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BMSC13009 - Immunology

General Information

Unit Synopsis

The study of Immunology introduces the student to pre-natal and post-natal development of the human immune system and its function in health and disease states, this includes autoimmune disorders, hypersensitivity reactions and microbiological infections. Students will also learn about the diagnostic uses of antibodies, vaccine design and preventive and therapeutic uses of vaccines.

Details

Level Undergraduate
Unit Level 3
Credit Points 6
Student Contribution Band SCA Band 2
Fraction of Full-Time Student Load 0.125
Pre-requisites or Co-requisites

Prerequisite

BMSC12010 Clinical Biochemistry

or

BMED19003 Clinical Biochemistry

Important note: Students enrolled in a subsequent unit who failed their pre-requisite unit, should drop the subsequent unit before the census date or within 10 working days of Fail grade notification. Students who do not drop the unit in this timeframe cannot later drop the unit without academic and financial liability. See details in the Assessment Policy and Procedure (Higher Education Coursework).

Class Timetable View Unit Timetable
Residential School Compulsory Residential School
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Unit Availabilities from Term 3 - 2017

Term 1 - 2018 Profile
Mixed Mode
Rockhampton
Term 1 - 2019 Profile
Mixed Mode
Rockhampton
Term 1 - 2020 Profile
Mixed Mode
Rockhampton
Term 1 - 2021 Profile
Mixed Mode
Rockhampton
Term 1 - 2022 Profile
Mixed Mode
Rockhampton

Attendance Requirements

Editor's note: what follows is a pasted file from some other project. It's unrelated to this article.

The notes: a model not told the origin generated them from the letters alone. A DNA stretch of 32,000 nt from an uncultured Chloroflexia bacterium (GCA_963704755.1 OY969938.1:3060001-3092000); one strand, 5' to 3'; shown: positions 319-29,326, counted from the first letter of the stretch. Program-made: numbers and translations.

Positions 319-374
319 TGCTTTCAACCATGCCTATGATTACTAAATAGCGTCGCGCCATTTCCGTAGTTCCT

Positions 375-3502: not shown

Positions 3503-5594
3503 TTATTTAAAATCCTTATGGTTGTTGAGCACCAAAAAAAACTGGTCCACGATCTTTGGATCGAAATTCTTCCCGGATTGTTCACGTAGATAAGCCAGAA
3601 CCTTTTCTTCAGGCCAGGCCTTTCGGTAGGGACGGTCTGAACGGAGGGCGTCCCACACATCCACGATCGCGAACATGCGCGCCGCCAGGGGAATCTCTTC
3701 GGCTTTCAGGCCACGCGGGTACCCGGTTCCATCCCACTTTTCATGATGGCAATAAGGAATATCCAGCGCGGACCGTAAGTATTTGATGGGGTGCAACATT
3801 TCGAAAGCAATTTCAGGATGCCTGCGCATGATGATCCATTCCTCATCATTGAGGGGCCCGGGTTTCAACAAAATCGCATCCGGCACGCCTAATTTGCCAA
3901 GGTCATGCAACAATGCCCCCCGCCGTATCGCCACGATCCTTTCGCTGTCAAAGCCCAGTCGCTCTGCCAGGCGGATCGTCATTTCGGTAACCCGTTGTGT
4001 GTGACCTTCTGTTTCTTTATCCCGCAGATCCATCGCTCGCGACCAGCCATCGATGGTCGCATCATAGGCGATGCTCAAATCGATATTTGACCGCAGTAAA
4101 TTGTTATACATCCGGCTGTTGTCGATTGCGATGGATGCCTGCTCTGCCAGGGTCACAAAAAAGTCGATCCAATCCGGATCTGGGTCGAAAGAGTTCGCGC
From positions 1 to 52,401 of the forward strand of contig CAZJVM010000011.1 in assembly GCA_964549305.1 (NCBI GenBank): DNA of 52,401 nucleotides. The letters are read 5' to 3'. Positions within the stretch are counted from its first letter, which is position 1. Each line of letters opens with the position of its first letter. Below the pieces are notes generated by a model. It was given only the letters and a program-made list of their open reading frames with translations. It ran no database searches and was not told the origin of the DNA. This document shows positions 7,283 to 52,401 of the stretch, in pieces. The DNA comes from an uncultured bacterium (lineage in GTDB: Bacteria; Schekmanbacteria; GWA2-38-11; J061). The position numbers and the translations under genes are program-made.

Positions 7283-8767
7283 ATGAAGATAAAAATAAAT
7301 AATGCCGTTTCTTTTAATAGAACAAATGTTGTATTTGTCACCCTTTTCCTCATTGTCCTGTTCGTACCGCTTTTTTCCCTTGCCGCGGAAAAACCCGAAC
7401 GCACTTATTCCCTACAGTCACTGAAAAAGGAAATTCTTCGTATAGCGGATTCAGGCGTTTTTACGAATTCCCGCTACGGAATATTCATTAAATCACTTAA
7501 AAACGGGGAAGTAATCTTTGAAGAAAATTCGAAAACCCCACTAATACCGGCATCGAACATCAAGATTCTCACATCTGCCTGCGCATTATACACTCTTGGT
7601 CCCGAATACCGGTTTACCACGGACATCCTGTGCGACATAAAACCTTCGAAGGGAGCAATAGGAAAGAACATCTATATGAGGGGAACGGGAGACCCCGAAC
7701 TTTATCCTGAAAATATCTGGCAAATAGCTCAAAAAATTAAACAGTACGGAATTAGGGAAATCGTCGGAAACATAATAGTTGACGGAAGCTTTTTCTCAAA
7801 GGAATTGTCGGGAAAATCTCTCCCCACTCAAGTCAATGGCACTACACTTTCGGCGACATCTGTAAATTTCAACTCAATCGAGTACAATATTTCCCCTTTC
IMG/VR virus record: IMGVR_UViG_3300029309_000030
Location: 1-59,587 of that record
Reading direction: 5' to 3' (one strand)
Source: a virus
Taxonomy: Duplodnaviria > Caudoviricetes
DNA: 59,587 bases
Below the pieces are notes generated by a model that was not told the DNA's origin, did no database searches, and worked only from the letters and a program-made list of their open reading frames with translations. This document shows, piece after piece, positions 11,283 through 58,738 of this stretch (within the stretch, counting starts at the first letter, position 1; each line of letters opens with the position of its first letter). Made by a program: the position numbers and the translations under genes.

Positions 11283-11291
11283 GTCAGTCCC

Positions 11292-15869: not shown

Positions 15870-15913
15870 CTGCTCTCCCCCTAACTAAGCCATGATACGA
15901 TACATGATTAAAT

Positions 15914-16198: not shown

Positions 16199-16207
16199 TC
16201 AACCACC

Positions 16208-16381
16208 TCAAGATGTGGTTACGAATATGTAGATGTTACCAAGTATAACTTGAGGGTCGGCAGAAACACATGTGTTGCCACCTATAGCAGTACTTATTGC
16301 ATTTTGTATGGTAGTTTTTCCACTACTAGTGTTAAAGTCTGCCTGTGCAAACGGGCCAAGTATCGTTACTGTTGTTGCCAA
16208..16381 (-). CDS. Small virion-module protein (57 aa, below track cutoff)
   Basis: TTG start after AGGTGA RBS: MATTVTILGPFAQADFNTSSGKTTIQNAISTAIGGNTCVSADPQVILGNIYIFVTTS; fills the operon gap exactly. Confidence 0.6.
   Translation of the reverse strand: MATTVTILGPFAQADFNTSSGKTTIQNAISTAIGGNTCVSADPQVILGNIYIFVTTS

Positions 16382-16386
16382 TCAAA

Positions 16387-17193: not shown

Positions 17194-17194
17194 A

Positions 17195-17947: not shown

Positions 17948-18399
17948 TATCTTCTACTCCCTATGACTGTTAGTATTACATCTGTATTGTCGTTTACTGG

All on-campus students are expected to attend scheduled classes – in some units, these classes are identified as a mandatory (pass/fail) component and attendance is compulsory. International students, on a student visa, must maintain a full time study load and meet both attendance and academic progress requirements in each study period (satisfactory attendance for International students is defined as maintaining at least an 80% attendance record).

Assessment Overview

Recommended Student Time Commitment

Each 6-credit Undergraduate unit at CQUniversity requires an overall time commitment of an average of 12.5 hours of study per week, making a total of 150 hours for the unit.

Assessment Tasks

Assessment Task Weighting
1. Practical Assessment 25%
2. Written Assessment 25%
3. Examination 50%

This is a graded unit: your overall grade will be calculated from the marks or grades for each assessment task, based on the relative weightings shown in the table above. You must obtain an overall mark for the unit of at least 50%, or an overall grade of ‘pass’ in order to pass the unit. If any ‘pass/fail’ tasks are shown in the table above they must also be completed successfully (‘pass’ grade). You must also meet any minimum mark requirements specified for a particular assessment task, as detailed in the ‘assessment task’ section (note that in some instances, the minimum mark for a task may be greater than 50%).

Consult the University’s Grades and Results Policy for more details of interim results and final grades

Past Exams

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Previous Feedback

Term 1 - 2021 : The overall satisfaction for students in the last offering of this course was 3.5 (on a 5 point Likert scale), based on a 45.9% response rate.

Feedback, Recommendations and Responses